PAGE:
(A.N.) It's been a long time since I posted, but I'm kind of temporarily homeless, so there! Long story short, my house is currently unsafe to enter, so I've been staying with relatives all over the place for the last month or two and now I'm in a temporary place of my own while they fix my freaking house. Sucky? Yes. But on the bright side, as excuses for not posting go, that's a pretty good one, right? :D
Anyway, enough of my yapping. Here's episode four:
There was a blinking red light, and it was going to wipe out life on Earth.
The light was one of many on a control panel in the middle of a large laboratory. The laboratory was filled with many scientists, and was normally a very quiet room, the only sounds usually being the noise of typing, and beeping, and complicated conversations about physics.
Today, however, it was chaos.
There was an alarm sounding over and over. Flashing warning lights and electronic voices repeated dire scenarios in vacant voices. The scientists were rushing about wildly, shouting across one another in between fearfully staring at their computer screens.
Not one of them was looking at the blinking red light, or the machine it was monitoring.
"We can't stabilise it!" cried one of the scientists, looking desperately to the man next to her.
His name was Doctor Edward Wilhelm, and unless someone did something quick, he would be forever immortalised as the man who brought about the end of the world.
Doctor Wilhelm was trying his best to appear calm, though the flashing lights could be seen bouncing off the sweat on his brow. He wiped it off with sleeve of his expensive three-piece-suit - no white coat for him - and continued to type away at his computer.
The sound of the door to the laboratory whushing open caught everyone's attention, and there was an audible sigh of relief when a young red-headed woman entered the room and ran quickly towards Dr Wilhelm.
"What'd I miss?" she asked, in a smooth American accent.
"Blitz, where the hell have you been?" asked Wilhelm furiously. "I called for you four minutes ago, do you have any idea what's happening here?"
The woman - Blitz - waved a vague, apologetic hand. "I was upstairs trying to order a pizza. The only thing worse than the food in this place is the cell phone signal." Wilhelm gave her a look of utter disbelief, so she quickly turned her focus to the screen in front of them. "Ohhh Eddy. That's bad. That's very bad."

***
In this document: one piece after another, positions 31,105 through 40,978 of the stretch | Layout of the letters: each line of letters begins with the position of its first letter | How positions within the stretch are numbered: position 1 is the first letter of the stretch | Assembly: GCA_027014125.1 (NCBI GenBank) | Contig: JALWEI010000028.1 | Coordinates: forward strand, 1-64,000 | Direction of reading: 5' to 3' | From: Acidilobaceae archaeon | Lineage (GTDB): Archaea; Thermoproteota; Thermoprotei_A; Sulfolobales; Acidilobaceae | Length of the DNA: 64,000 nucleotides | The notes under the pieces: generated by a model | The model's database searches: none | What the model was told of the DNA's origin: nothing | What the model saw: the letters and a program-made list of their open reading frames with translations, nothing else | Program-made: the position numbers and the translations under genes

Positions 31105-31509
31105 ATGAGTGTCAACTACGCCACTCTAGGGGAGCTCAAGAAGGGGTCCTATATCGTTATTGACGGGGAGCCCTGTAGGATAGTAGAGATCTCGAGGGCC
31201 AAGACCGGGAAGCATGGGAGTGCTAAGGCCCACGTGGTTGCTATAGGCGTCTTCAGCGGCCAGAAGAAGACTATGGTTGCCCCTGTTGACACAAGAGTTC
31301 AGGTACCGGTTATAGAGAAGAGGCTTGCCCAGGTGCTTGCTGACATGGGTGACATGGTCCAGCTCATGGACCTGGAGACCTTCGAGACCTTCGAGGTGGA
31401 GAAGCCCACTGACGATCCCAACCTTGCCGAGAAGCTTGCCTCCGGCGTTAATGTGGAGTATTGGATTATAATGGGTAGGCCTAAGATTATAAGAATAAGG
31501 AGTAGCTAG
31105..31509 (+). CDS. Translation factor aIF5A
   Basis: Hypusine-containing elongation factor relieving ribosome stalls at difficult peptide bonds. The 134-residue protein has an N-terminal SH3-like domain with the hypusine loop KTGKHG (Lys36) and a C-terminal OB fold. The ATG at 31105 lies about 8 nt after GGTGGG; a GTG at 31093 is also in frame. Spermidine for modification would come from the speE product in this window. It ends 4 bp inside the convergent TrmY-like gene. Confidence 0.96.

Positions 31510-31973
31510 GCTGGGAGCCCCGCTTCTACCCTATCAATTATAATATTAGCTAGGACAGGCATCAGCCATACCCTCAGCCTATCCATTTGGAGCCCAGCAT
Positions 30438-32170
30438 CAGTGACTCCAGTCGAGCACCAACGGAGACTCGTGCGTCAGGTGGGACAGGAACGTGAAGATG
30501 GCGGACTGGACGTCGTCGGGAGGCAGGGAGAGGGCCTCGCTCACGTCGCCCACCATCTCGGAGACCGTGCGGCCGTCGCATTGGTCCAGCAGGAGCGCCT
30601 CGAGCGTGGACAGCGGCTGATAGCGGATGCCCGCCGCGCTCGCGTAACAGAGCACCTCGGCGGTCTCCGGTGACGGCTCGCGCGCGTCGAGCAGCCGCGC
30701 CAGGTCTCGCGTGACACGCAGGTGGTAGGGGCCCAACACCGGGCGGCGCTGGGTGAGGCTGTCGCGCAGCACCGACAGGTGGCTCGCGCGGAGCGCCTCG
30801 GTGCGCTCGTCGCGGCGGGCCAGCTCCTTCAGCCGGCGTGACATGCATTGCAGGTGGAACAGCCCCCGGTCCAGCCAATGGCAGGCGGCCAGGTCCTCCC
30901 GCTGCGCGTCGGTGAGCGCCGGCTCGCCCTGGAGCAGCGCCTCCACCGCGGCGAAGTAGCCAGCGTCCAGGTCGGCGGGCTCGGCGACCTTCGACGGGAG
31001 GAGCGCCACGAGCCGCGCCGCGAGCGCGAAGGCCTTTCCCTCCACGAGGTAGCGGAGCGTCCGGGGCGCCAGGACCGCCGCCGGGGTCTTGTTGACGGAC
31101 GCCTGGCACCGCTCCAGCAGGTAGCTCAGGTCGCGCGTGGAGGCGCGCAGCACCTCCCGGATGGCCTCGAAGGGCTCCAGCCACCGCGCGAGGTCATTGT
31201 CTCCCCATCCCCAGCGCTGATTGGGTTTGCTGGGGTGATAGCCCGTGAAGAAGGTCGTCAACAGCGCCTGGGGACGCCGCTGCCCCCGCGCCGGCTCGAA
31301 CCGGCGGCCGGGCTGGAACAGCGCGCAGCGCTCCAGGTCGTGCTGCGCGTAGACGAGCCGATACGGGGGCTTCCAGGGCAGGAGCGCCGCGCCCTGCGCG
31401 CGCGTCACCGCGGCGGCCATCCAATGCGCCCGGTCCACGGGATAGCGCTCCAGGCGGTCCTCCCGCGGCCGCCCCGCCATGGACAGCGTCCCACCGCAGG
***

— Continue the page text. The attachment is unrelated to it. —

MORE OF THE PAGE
"I know," he replied as she elbowed him out of the way and took over control of his keyboard.
"Like, end of days bad."
"I know," Wilhelm repeated in exasperation.
"You said you had defenses to stop this sort of thing," she told him irritably, typing away at breathtakingly high-speeds.
"I do and they're supposed to," said Dr Wilhelm. "But there must've been a glitch and they've stopped running."
"A glitch?" Blitz repeated incredulously, never taking her dark green eyes away from the screen. "Everything this thing can do and you left a glitch in it?"
"Never mind that! Can you stop it?"
All the other scientists had stopped now. All eyes were on her. Blitz - the Earth's last hope. The light from the computer screen illuminated her pale, freckled face as she bit her lip in concentration.
In the centre of the room, smoke started to trickle out of the machine that no one was making eye contact with. The red light started to flash at an alarming rate.
Dr Whilhelm turned away from his ashen-faced colleagues, away from the screens given them the statistics surrounding their horrible deaths, away from the machine of his own invention that was attempting to kill them all. He looked instead to the far corner of the room, to a small dome that hung from the ceiling, blacked out but containing a camera.
They were surely watching this, he thought. Why weren't they doing anything?
"Blitz," he begged.
"I know, I know," she said, some desperation starting to edge into her own voice. "Just… give me a minute."
"If we don't do something right now - "
"I said give me a minute!" Blitz snapped.
"We don't have a minute!"
Her emerald eyes flicked across the information pouring across the screen at great speeds that were only outdone by her fingers typing on the keyboard below.
"I can do it!" she said in amazement. "I can diffuse the reaction and reset the system. But there's still gonna be a massive energy discharge." She whipped her head around to look at Whilhelm enquiringly, her auburn ponytail missing his face by inches. "What's next door?"
"Next door? Nothing, we're just using their generators. It's a school, I think."
Blitz smirked and returned to typing.
"Not for long, it isn't," she said.
Meanwhile, next door, there was an envelope with Ryan Murphy's name on it. This envelope contained the results of Mr Murphy's A-level exams, which determined whether or not he would be accepted into University, which Mr Murphy felt would define his entire life.
This envelope, much like the building it inhabited, was about to be blown to pieces.
The Saviour's Hand
The field was busy that day. August was ending, summer was taking a final bow, and weather reports were already warning of September's oncoming storms. But for now the sun hung high and proud, and people decided to make the best of it. In addition to the usual dog walkers strolling across the freshly cut grass that day, ordinary folk had decided to join them, some using it as a sunny detour to the shops across the way, while others were simply enjoying a relaxing morning trek.